We negotiate nearly every day. While the term "negotiation" often brings to mind larger-stake deals, such as the purchase of a new home or car, more often these negotiations are smaller and involve project deadlines at work or divvying up of household responsibilities.
Many of us, myself included, can't stand negotiations whether big or small -- so much so that it comes as a surprise that others actually relish each chance they get to negotiate.
Regardless of which camp you're in, most of us can relate to the feeling of pounding hearts and sweaty palms when we negotiate. Do these visceral responses -- also known as physiological arousal -- hurt or help us?
Most people (and existing research) consider sweating it to be detrimental; that the key to negotiating is to stay calm and collected. However, that's misleading, according to what I found in my research with Jared R. Curhan, which was recently published in Psychological Science. We found that sweaty palms and pounding hearts aren't inherently a bad thing. The effect really depends on your preexisting attitudes toward negotiation and whether you interpret these physiological responses as a sign of nervousness or excitement.
We conducted two studies to explore the effects of arousal on negotiation outcomes: In the first, we measured individuals' prior attitudes toward negotiation. Several weeks later, these same individuals participated in an experiment in which they negotiated over the price of a used car while walking on a treadmill. Unbeknownst to the participants, we manipulated their heart rate through the speed of the treadmill, which was set by an experimenter.
Among those with negative attitudes toward negotiating, participants who walked at a faster pace -- or experienced high arousal -- reported lower satisfaction with their negotiations. They interpreted their heightened heart rate as an indicator of nervousness, which in turn, harmed their negotiating experience. By contrast, those who walked at a slower pace reported higher satisfaction.
Yet, we found the reverse among those with positive attitudes toward negotiating. Participants assigned to walk at a faster pace reported greater satisfaction with the negotiation compared to those assigned to walk at a slower pace. Those who enjoy negotiating seem to interpret increased heart rate as an indicator of excitement such that heightened arousal boosts their experience.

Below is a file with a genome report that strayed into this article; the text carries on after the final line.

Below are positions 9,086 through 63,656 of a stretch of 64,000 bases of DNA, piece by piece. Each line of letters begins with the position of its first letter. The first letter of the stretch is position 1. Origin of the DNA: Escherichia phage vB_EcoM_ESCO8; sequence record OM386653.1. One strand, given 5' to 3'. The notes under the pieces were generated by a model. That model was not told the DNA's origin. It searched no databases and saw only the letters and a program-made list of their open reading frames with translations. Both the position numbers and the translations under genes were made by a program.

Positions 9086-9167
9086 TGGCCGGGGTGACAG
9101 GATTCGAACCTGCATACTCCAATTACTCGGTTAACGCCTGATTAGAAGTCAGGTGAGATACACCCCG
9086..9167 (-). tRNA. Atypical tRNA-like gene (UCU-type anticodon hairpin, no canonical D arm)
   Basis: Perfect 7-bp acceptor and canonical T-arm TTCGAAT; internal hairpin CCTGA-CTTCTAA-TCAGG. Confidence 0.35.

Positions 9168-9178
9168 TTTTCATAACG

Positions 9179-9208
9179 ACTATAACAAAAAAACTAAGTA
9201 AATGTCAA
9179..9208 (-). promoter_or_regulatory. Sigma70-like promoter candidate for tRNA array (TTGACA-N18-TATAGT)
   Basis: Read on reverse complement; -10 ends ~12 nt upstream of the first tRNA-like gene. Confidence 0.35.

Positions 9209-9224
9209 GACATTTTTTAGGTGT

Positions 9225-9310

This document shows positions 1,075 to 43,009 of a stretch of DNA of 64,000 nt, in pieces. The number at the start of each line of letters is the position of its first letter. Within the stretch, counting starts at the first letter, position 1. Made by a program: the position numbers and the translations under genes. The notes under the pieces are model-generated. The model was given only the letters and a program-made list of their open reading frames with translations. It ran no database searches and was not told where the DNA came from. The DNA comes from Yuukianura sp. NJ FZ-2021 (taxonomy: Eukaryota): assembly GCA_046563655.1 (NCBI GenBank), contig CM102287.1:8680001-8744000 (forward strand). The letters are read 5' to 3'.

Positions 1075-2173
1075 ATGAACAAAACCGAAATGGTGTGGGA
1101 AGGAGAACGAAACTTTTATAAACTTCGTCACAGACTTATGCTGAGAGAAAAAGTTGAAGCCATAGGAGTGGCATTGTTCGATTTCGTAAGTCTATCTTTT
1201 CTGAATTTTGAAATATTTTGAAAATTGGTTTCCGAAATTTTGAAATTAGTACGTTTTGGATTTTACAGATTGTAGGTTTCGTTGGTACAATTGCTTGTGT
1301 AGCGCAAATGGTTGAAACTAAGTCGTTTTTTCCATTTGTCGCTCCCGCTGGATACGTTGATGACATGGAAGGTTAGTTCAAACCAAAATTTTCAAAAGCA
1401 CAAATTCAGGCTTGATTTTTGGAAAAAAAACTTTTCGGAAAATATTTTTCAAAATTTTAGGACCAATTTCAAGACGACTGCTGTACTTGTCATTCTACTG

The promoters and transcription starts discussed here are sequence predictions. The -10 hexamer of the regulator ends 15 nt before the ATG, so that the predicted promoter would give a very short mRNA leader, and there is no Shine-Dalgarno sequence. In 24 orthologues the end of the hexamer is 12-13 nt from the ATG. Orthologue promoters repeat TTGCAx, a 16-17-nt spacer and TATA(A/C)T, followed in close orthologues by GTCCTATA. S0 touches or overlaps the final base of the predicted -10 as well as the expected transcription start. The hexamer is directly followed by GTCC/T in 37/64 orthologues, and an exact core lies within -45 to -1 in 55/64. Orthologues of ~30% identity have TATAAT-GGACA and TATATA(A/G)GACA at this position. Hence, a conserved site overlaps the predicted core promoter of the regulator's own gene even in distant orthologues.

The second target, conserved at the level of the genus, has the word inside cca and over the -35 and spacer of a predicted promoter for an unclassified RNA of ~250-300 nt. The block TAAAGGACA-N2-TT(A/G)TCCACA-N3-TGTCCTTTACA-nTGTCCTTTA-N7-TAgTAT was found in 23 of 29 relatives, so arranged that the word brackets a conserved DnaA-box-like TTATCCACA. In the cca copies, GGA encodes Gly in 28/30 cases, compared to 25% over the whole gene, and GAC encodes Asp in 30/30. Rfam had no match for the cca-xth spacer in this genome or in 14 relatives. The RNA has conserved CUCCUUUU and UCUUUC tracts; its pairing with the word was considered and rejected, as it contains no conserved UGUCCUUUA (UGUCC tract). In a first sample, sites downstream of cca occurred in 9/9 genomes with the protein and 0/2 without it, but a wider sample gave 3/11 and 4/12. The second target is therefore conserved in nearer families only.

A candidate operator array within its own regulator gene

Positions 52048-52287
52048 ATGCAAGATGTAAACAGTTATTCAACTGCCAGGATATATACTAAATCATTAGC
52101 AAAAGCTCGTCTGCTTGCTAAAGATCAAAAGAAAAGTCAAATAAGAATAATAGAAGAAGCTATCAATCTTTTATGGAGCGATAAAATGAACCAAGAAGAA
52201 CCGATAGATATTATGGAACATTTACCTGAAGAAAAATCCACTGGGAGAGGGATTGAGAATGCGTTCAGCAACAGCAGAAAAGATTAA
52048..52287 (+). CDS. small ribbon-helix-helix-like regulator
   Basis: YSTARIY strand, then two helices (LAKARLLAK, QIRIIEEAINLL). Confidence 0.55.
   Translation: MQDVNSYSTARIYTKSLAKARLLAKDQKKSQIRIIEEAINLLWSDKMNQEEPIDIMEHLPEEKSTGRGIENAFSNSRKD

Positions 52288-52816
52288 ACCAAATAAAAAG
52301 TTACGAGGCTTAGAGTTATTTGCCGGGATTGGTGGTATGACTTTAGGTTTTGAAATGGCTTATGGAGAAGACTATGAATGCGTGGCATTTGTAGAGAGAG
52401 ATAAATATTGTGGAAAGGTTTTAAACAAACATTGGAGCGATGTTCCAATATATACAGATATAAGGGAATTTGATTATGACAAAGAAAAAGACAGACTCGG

In the second study, we wanted to see if this pattern also extends to economic performance. This time, we let some participants walk continuously while negotiating on their cell phones to increase their heart rate, whereas others stayed seated for their negotiations. Both groups conducted a mock employment negotiation over the phone.
Consistent with our findings from the first study, individuals who dread negotiating felt less satisfied when they experienced heightened arousal (triggered by walking) compared to when they remained seated. They also achieved lower economic outcomes. In contrast, individuals who enjoy negotiating felt more satisfied with the negotiation when walking throughout, and also performed better when aroused compared to when seated.
The lesson from these studies is that the conventional wisdom isn't always so wise. If you dread negotiating, you're probably best served trying to stay calm in your negotiations in order to minimize such visceral responses. On the other hand, if you look forward to negotiating, you might want to actively attempt to raise your heart rate beforehand. Although these studies were limited to negotiation, it's worthwhile to consider if the same lessons might apply to other contexts such as public speaking, test performance, or competitive sports. Whether we interpret our physiological arousal as nervousness or excitement might depend on our prior attitudes toward the task at hand. If it's something we dread, then making an effort to maintain our composure might be valuable.
But if it's a task we enjoy, it might be better to get pumped up!
Dr. Ashley D. Brown worked on this research as a Ph.D. student at the MIT Sloan School of Management with Prof. Jared R. Curhan. Brown is now a research associate in the Psychology Department at Stanford University.